I’ve had similar issues in taking screenshots of the digital comic to accompany this review. At full-screen size, all the issues with shrinking down the comic show themselves. Things start to look soft and broken up.

It’s unfortunate, and the only real fix for it right now is to only read it on a smaller iPad screen. But this is exactly the kind of thing I bought an iPad 12.9″ for: reading comics.

Nothing is ever simple!

The “Largo” Cover-Up

There’s one other difference between the books, too. It’s admitted upfront:

“With the authors’ consent, and in order to not upset our more sensitive readers, certain illustrations of this edition of Largo Winch have been modified.”

By that, they mean that the topless women have been covered up.

This doesn’t bother me as much as the page size difference does, to be honest. Yes, there are scenes in these books of Largo Winch, billionaire playboy, accompanied by topless women.

In the Cinebook editions, those drawings are slightly altered to add a little extra bit of clothing to cover the woman’s chest up.

It doesn’t impact the story one bit, so it doesn’t bother me. Occasionally, I laugh at the obviousness and inconsistency of the cover-up, but it is what it is. It allows Cinebook to publish the book, as they do one printing for worldwide distribution and those panels would be enough to deny them some markets.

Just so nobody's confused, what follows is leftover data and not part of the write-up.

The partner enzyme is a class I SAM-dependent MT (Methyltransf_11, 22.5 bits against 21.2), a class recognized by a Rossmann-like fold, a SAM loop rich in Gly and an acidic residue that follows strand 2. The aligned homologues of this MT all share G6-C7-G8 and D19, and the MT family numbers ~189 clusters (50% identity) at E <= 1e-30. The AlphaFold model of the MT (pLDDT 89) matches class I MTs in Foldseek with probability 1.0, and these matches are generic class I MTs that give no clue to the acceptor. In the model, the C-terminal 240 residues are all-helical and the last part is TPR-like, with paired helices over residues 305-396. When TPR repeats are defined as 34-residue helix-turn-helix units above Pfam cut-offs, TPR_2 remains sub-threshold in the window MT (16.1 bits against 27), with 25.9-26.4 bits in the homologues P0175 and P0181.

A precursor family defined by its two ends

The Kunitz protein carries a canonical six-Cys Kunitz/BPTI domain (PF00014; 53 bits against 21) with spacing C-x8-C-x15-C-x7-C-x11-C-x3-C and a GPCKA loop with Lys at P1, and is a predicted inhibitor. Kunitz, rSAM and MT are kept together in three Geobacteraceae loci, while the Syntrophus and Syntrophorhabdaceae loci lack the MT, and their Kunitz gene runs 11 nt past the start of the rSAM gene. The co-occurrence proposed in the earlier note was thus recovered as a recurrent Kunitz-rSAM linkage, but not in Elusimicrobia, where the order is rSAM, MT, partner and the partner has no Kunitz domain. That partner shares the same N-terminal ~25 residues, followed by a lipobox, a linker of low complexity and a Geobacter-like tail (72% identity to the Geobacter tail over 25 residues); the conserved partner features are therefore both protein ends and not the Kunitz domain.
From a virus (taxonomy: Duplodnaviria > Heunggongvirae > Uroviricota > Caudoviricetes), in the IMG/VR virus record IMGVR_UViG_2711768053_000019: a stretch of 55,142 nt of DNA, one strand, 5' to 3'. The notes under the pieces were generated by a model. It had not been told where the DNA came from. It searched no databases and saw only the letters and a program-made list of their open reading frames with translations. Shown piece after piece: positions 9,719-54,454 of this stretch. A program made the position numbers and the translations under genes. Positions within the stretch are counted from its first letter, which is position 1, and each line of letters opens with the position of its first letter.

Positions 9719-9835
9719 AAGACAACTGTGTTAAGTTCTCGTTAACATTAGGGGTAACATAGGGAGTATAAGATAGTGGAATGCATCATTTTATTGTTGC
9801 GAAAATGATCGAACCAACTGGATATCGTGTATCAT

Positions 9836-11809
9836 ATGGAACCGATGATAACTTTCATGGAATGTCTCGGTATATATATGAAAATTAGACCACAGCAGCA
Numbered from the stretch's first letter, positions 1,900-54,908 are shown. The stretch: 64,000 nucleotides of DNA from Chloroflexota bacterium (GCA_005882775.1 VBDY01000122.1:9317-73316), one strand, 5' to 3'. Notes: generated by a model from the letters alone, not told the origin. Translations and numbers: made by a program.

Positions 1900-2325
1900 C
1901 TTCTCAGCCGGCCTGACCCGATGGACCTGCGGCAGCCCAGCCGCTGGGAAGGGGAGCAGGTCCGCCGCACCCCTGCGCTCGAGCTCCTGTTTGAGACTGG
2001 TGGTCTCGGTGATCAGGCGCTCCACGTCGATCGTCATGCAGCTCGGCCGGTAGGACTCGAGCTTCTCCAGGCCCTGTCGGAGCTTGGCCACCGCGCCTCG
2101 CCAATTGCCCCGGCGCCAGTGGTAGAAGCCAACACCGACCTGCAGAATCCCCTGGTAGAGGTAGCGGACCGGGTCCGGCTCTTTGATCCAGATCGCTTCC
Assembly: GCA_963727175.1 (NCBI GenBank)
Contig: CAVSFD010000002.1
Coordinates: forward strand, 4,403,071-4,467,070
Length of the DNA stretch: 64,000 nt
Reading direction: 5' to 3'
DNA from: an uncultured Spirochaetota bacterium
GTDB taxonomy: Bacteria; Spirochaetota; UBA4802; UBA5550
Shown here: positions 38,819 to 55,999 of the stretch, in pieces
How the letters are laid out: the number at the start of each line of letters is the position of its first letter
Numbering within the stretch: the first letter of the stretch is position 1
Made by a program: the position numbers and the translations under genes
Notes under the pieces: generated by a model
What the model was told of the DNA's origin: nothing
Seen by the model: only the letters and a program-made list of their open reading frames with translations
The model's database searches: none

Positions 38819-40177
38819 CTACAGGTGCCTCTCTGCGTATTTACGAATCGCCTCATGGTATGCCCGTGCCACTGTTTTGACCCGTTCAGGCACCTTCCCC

It’s not tasteless or gratuitous nudity. It’s never the point of the scene. But, pragmatically speaking, for very understandable reasons, a minor art modification fixes it. All we really lose is the ability to judge Philippe Francq’s ability to draw a nipple.

There’s enough going on in the rest of the book that it’s an insignificant price to pay to give us access to these books.

Recommended?

Logo Winch v1 cover by Philippe Francq

Heck, yes! This is all the set-up for the series, and it’s still a great action-packed thriller of a book where nobody feels safe and Largo has to move quickly to keep ahead of things.

The second book gets into the sweet spot of the series where Largo has to move on two fronts — both a business front and an action/adventure front. It almost seems ludicrous sometimes, but it’s also the point of the series. We’ll see an even better example of it at the end of the second volume.

Buy It Now

This first volume is part of Kindle Unlimited. If you have a subscription to that, it’s a free read for you.